YTMND disappears

Classic video-clip humor site YTMND ("You're the man now dog!") is gone. Hailing from an era before web video was commonplace, its distinctive juxtapositions of images, superimposed text and looping audio had a towering influence over the emerging web culture of the 2000s.

Death's approach was slow but inexorable. Gizmodo reported YTMND's imminent demise three years ago:

On August 29, 2016, Max Goldberg announced that YTMND would likely soon be shutting down, citing ill health and the site's inability to fund its own hosting fees from ad revenue. Goldberg stated "Besides being a time capsule I don’t really see a reason for it to continue to exist... It seems like the internet has moved on...And I’ve moved on too. I don’t have much interest in the site beyond it being good memories."

An explosion of abusive, politically toxic users appears to have been the point of departure for the site's creator; logins became impossible some time ago due to Google deprecating a Captcha library and Goldberg did not fix it.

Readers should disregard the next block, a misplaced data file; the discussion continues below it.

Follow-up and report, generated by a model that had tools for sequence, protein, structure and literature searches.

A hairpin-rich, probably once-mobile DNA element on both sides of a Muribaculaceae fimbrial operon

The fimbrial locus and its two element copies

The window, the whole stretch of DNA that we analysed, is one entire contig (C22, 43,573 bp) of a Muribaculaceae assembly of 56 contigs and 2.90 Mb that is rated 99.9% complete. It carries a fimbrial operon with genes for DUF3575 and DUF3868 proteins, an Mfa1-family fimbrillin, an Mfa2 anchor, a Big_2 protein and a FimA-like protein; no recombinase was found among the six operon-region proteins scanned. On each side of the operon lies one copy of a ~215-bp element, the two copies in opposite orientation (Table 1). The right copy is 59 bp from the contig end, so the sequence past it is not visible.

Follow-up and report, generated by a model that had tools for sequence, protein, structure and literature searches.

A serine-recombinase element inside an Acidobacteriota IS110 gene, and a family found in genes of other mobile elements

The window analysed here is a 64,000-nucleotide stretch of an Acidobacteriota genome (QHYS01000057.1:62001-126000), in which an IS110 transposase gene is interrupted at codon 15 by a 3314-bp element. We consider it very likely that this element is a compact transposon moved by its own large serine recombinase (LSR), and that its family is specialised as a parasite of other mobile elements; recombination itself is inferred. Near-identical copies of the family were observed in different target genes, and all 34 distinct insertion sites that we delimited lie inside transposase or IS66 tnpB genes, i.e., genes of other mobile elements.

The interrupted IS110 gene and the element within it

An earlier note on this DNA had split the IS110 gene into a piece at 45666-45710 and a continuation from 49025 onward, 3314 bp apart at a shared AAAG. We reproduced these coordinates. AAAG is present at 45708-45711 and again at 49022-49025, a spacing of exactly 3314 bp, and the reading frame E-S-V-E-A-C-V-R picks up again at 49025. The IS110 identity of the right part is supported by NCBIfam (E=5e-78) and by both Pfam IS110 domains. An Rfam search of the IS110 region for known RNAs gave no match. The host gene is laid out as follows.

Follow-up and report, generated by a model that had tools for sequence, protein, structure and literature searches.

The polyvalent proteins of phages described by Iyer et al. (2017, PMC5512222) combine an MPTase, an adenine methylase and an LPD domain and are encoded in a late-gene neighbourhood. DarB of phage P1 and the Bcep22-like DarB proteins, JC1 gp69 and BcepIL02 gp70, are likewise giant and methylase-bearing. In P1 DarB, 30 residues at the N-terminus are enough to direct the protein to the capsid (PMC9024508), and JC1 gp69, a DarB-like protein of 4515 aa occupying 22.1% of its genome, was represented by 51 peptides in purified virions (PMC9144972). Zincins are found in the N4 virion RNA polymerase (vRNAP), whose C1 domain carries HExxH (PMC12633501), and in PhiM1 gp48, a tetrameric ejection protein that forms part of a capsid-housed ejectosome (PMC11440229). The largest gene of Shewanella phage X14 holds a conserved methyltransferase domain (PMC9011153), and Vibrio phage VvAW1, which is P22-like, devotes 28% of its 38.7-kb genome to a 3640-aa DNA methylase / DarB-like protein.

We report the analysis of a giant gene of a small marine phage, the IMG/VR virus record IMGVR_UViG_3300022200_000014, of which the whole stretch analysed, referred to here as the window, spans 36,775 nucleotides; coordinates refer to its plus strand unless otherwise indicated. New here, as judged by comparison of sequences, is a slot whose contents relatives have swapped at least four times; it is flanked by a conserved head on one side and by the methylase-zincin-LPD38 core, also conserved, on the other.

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Supercuts: rapid-cut videos that collect repetition

Andy "Waxy" Baio writes about the "Supercut" phenomenon for Wired -- these being videos that edit together dozens (sometimes hundreds) of instances of some iconic cinematic moment, whether it's Sarah Palin's breathing, Obama's mentioning of "spending," Hollywood actors answering the phone (or saying "We've got company" or similar cliches), or every instance of "dude" from The Big Lebowski.

I wanted to learn more about the structure of these videos, so I enlisted the help of the anonymous workforce at Amazon’s Mechanical Turk to analyze the videos for me.

Using the database of 146 videos, I asked them to count the number of clips in each video, along with some qualitative questions about their contents. Their results were interesting.

When looking at the source of the videos, nearly half come from film with a little over one-third sourced from TV shows. The rest are a mix of real-life events, videogames, or a combination of multiple types, as you can see below.

According to the turker estimates, the average supercut is composed of about 82 cuts, with more than 100 clips in about 25% of the videos. Some supercuts, about 5%, contain over 300 edits!

The Video Remix ‘Supercut’ Comes of Age Read the rest